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I found this interesting discussion regarding help file formats and the future direction they may take. We are at a crossroad with our new .NET project in that we need to decide on the best format for our help file documentation.

Here is the discussion mentioned above;
The future direction of Help File formats

Our current line of thinking is that we will build an HTML help file which will be local to the user. Is it possible to compile all the HTML (graphics and pages) into one file that can be shipped, as opposed to many individual files? This would be the tidiest solution.

CHM is another obvious choice but seems to be on the out.

Any thoughts?

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Perhaps use an authoring tool that can target multiple output formats -- HTML, CHM, PDF or what have you. –  user166390 Dec 1 '10 at 1:50

3 Answers 3

.HLP files are way out, but .CHM is still around, and I think it will be for a while. Most apps either have their own propitiatory ones(VS, Flash, etc) or use .pdf or .chm. From what you are saying, pdf would be unsuitable, so you should use .chm.

From reading that article, they are talking about .hlp files, .chm files are widely supported by all desktop operating systems, including vista/7.

I wouldn't use mhtml, because the default browser for it is IE and a lot of people don't like it.

Another other option is put all of the html/image etc files in a zip. Then write a custom browser(probably with the WebBrowser Control) and read the html/image files from the zip.

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Actually a PDF might be a good option so long as we have a good index and hyperlinks between topics. Can you recommend a good PDF authoring tool designed for help files? –  Josata Dec 1 '10 at 5:58
    
Sorry, I haven't done much work with writing help, the best I have done is write something up in Word and export it to pdf. –  Programmdude Dec 1 '10 at 7:31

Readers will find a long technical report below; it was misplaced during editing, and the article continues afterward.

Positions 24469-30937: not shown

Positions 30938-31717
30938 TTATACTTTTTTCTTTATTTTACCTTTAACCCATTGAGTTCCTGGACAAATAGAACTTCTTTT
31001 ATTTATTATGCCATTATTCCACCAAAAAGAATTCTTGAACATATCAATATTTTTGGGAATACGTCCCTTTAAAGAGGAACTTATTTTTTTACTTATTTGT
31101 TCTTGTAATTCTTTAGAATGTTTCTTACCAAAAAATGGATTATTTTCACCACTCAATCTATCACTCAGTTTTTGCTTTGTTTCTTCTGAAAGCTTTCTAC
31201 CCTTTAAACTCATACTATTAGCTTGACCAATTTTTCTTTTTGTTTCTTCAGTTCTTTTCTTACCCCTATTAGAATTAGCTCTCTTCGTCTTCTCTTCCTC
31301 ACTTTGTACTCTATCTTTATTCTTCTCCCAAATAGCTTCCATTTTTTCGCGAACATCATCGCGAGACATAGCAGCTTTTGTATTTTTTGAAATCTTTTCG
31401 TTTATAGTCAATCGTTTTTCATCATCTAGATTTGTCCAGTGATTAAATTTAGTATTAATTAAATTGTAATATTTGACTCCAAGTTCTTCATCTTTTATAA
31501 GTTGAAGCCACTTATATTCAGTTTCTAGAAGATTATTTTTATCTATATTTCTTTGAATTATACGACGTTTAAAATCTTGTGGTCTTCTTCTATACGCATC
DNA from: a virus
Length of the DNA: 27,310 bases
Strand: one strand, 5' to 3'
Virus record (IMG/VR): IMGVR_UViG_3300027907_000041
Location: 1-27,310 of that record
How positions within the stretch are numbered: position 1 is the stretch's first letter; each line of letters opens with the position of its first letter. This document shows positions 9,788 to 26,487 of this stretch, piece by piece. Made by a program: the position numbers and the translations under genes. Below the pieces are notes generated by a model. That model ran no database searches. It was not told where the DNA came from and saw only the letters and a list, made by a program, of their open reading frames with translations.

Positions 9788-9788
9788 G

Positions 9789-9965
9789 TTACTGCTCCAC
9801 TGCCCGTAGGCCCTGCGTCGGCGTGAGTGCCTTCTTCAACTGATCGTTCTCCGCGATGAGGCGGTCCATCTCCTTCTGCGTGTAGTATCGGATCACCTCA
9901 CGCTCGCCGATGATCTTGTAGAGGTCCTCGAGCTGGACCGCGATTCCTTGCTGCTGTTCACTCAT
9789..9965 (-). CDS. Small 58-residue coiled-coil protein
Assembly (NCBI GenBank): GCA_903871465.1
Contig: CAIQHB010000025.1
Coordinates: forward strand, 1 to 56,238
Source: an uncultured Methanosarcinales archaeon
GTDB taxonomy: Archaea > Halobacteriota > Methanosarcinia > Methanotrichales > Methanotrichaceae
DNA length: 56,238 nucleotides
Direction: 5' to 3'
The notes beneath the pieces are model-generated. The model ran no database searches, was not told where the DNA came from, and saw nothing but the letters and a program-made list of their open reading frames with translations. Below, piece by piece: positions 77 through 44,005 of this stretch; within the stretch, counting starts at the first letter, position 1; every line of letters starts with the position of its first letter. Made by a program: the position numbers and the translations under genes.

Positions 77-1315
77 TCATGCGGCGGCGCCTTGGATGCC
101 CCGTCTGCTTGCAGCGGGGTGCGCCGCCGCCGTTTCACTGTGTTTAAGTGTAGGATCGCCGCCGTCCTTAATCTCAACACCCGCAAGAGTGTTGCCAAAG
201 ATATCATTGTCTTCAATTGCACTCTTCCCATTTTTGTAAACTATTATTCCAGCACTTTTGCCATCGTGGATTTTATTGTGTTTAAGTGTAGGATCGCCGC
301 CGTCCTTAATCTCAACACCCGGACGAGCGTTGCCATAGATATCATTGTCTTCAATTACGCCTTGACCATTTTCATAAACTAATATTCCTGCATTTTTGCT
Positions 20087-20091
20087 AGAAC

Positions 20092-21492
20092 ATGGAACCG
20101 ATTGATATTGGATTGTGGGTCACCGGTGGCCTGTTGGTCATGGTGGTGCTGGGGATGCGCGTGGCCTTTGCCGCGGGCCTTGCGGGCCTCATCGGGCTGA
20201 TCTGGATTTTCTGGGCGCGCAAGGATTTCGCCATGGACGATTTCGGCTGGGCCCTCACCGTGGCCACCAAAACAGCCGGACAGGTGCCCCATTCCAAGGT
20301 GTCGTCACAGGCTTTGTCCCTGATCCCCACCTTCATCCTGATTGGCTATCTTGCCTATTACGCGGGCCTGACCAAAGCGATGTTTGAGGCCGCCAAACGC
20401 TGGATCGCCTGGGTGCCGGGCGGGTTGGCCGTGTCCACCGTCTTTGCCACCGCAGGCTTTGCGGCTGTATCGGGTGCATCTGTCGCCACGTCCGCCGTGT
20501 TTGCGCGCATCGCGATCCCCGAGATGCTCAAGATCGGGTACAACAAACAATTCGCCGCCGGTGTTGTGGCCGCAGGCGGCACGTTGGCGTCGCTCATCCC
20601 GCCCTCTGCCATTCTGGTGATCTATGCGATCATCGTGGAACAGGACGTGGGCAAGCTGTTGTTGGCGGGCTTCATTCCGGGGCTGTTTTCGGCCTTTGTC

Our current line of thinking is that we will build an HTML help file which will be local to the user. Is it possible to compile all the HTML (graphics and pages) into one file that can be shipped, as opposed to many individual files? This would be the tidiest solution.

Have you considered mhtml?

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no, will research that now. Thanks for the link. –  Josata Dec 1 '10 at 5:57

I strongly recommend CHM. It's by no way on the out. We are producer of a help tool (for .NET API documentation, not for end-user manuals as you need) and I can tell you that CHM is preferred choice of the most of our users. And it really works on any Windows version, including Vista and W7. Some considerations:

  • CHM itself is just a compressed file containing normal HTML file. You can convert it to HTML anytime.
  • CHm has smaller size due to compression.
  • CHM has working TOC, Index and Search. This is not always supported in HTML documentation. Sometimes the search in HTML only works with server-side scripting like ASP or PHP. It doesn't work on local PC. So you need to be careful which tool you use to produce web help.
  • There may be permission problems when placing the CHM on network share. There's no problem when the CHM is on local PC.
  • I think with CHM it's easier to implement F1 help in your .NET application. You need only one HelpProvider on a form. If you want different F1 topic for each control on the form (e.g. for each tab in tab control), you just change HelpKeyword for the control. In case of HTML, you need to add separate HelpProvider object to each control and set its HelpNamespace property to proper HTML file.
  • AFAIK, the HelpProvider only works with CHM, HTML and HxS files.

As already suggested, use the tool which can create the help in many formats. For end-user manuals we use Help & Manual.

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